SEATTLE — The icebreaker Polar Star was 1,000 miles out of its home port of Seattle last December, three days into its yearly voyage to resupply scientific bases in Antarctica, when a powerful swell hit its bow and flooded the deck.
The ship shuddered.
The roar of the ventilators in the galley quit as Joseph Sellar, a stocky 25-year-old Coast Guard culinary specialist from New Hampshire, watched seawater explode from the ceiling.
He lunged toward a switch to close the overhead vents. With a loud pop, an outlet ejected a purple spark.
"Are we sinking?" asked a petty officer on temp duty from Virginia.
Sellar knew better.
"Calm down," he said, whipping out his cellphone to record the gusher.
The United States spends $2 billion a day on the most advanced military ever assembled, with more aircraft carriers, fighter planes and nuclear submarines than any other nation. The Pentagon intends to develop a space fleet of orbiting lasers, missile sensors and satellites.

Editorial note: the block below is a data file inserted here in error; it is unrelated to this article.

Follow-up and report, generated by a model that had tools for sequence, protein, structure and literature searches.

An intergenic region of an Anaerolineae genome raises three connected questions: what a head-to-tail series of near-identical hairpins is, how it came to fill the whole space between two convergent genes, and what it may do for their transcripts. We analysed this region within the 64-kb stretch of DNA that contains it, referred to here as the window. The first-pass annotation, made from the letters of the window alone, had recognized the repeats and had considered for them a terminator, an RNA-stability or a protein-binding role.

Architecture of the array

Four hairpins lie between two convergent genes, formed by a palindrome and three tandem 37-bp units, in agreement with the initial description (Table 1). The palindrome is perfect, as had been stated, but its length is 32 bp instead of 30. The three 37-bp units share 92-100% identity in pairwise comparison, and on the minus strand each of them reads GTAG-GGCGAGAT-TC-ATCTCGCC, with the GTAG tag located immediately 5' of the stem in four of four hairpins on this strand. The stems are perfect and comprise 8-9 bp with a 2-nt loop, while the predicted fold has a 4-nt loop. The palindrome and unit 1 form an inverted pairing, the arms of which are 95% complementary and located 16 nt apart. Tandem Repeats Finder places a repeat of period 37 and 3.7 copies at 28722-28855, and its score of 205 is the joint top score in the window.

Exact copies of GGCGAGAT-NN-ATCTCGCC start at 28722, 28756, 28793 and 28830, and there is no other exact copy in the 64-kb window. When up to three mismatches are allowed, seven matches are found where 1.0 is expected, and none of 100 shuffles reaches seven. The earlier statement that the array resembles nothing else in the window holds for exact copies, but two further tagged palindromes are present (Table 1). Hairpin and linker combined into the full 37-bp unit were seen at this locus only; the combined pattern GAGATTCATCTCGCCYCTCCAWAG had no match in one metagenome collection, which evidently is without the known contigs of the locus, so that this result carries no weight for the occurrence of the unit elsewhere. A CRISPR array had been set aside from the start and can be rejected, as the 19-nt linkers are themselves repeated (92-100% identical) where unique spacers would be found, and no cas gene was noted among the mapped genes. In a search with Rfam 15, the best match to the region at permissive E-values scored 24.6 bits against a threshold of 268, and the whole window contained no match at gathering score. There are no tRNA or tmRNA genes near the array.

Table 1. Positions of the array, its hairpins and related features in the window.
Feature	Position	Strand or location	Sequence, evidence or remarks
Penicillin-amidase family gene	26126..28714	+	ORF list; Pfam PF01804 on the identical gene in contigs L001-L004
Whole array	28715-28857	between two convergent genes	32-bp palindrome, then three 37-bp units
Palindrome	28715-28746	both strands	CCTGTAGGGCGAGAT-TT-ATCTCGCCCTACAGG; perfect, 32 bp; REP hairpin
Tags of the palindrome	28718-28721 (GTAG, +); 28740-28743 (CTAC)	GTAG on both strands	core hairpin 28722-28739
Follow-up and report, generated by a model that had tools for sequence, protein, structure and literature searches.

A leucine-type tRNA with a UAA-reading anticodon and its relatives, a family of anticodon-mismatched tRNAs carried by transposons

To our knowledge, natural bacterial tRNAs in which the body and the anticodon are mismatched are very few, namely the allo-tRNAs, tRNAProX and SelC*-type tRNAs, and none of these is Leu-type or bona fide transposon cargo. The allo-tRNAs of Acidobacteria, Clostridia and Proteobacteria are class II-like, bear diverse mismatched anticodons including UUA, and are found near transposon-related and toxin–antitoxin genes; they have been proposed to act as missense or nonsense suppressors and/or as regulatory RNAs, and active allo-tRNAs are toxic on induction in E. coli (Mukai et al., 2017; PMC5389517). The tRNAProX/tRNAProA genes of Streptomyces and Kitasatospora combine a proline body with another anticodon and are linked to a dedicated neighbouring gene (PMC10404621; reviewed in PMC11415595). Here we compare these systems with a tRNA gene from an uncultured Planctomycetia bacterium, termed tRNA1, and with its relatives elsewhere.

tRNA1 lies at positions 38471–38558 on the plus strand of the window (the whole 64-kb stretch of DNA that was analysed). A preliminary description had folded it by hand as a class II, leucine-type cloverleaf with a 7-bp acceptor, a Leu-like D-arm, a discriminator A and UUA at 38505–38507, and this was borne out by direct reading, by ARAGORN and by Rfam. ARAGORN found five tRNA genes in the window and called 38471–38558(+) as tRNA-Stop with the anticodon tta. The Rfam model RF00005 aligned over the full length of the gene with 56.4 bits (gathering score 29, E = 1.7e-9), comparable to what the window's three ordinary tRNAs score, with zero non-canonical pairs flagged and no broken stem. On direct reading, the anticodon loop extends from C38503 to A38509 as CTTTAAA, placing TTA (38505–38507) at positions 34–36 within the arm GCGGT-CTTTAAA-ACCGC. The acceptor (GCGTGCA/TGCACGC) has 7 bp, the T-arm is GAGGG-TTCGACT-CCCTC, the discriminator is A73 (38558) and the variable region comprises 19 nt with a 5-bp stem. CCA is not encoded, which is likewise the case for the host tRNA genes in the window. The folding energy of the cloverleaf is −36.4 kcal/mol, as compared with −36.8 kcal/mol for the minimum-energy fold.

The U.S. Coast Guard on April 23, 2019 tapped VT Halter Marine, Inc. to build, for $750 million, the service's first new heavy icebreaker in four decades.
With the contract award, the Coast Guard finally is getting serious about strengthening its presence at Earth's rapidly-melting poles. Human industry adds carbon to the atmosphere that traps heat and causes rapid change in the global climate.
Coast Guard cutter Polar Star crew members on the ice about 13 miles from McMurdo Station in Antarctica, January 26, 2018. (U.S. Coast Guard/Fireman John Pelzel0
During its return from an annual supply run to the McMurdo research station in Antarctica, the U.S. Coast Guard's only heavy icebreaker, the Polar Star, had a fire break out inside its incinerator room as it sailed about 650 miles north of McMurdo Sound.